# Maximum, function with three variables

• April 9th 2011, 11:28 PM
Schdero
Maximum, function with three variables
Hi everybody!
I have a function, which encompassed formerly two variables and three constants. I found the maximum of this function. For some analysis I'm doing, I have to make one of the constants a variable though.
If i do the partial derivative regarding the new variable, i get $(B-2m)/A$ (A,B = constants; m = variable; A,B,m >0; m<B). I wonder now, where the maximum of this new function with three variables is.
What i did is i set $(B-2m)/A = 0$, what's true for $m=B/2$. This itself is a linear function with a negative slope, but the function is always positive before $m=B/2$. It starts from B and does down linearly untill $m=B/2$. So theoretically the overall function increases untill $m=B/2$, after this point, the partial derivative gets negative ( $((B-2m)/A)< 0$ for $m>B/2$) and henceforth starts from then on decreasing the overall function.

Is it correct that i thus say, the maximum of the function with three varibales is the same as the one with two, except for $m=B/2$?

Thank you

Schdero
• April 11th 2011, 01:28 AM
CaptainBlack
Quote:

Originally Posted by Schdero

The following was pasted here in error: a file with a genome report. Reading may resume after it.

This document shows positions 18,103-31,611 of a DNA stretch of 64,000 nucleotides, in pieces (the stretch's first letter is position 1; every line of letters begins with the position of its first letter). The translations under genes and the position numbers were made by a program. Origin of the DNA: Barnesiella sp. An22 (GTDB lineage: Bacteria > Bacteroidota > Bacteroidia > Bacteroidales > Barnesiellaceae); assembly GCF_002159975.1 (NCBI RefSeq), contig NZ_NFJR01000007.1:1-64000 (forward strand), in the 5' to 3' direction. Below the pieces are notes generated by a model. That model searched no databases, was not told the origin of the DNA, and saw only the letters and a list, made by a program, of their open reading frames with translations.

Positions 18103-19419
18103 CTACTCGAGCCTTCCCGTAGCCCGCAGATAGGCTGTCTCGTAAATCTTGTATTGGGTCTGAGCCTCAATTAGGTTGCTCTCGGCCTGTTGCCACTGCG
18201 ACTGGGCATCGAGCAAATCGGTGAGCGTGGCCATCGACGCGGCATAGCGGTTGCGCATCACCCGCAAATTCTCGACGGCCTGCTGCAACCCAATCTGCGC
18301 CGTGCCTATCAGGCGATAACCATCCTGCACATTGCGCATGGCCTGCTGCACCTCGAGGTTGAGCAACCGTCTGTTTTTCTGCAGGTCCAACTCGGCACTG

Hi everybody!
I have a function, which encompassed formerly two variables and three constants. I found the maximum of this function. For some analysis I'm doing, I have to make one of the constants a variable though.
If i do the partial derivative regarding the new variable, i get $(B-2m)/A$ (A,B = constants; m = variable; A,B,m >0; m<B). I wonder now, where the maximum of this new function with three variables is.

Partial derivative of what?

Quote:

What i did is i set $(B-2m)/A = 0$, what's true for $m=B/2$. This itself is a linear function with a negative slope, but the function is always positive before $m=B/2$. It starts from B and does down linearly untill $m=B/2$. So theoretically the overall function increases untill $m=B/2$, after this point, the partial derivative gets negative ( $((B-2m)/A)< 0$ for $m>B/2$) and henceforth starts from then on decreasing the overall function.

Is it correct that i thus say, the maximum of the function with three varibales is the same as the one with two, except for $m=B/2$?

Thank you

Schdero
You need to post sufficient information so that we can see what exactly you are talking about.

CB
• April 11th 2011, 02:39 AM
Schdero
Overall Function= $M((b-M)/a)>((b-d)(ad+bc))/(a+c)^2$

Maximum of the function f(a,c) is at a and c = infinity, as then fa=0 fc=0, (faa)(fcc)-fac^2 > 0.

Is there any further information you need to judge the corectness of my implication, that the maximum of f(a,c,m) lies at a and c = infinity, m=b/2?
• April 11th 2011, 04:28 AM
CaptainBlack
Quote:

Originally Posted by Schdero
Overall Function= $M((b-M)/a)>((b-d)(ad+bc))/(a+c)^2$

Maximum of the function f(a,c) is at a and c = infinity, as then fa=0 fc=0, (faa)(fcc)-fac^2 > 0.

Is there any further information you need to judge the corectness of my implication, that the maximum of f(a,c,m) lies at a and c = infinity, m=b/2?

What is the function you are trying to maximise, and what are the vaiables and constraints?

CB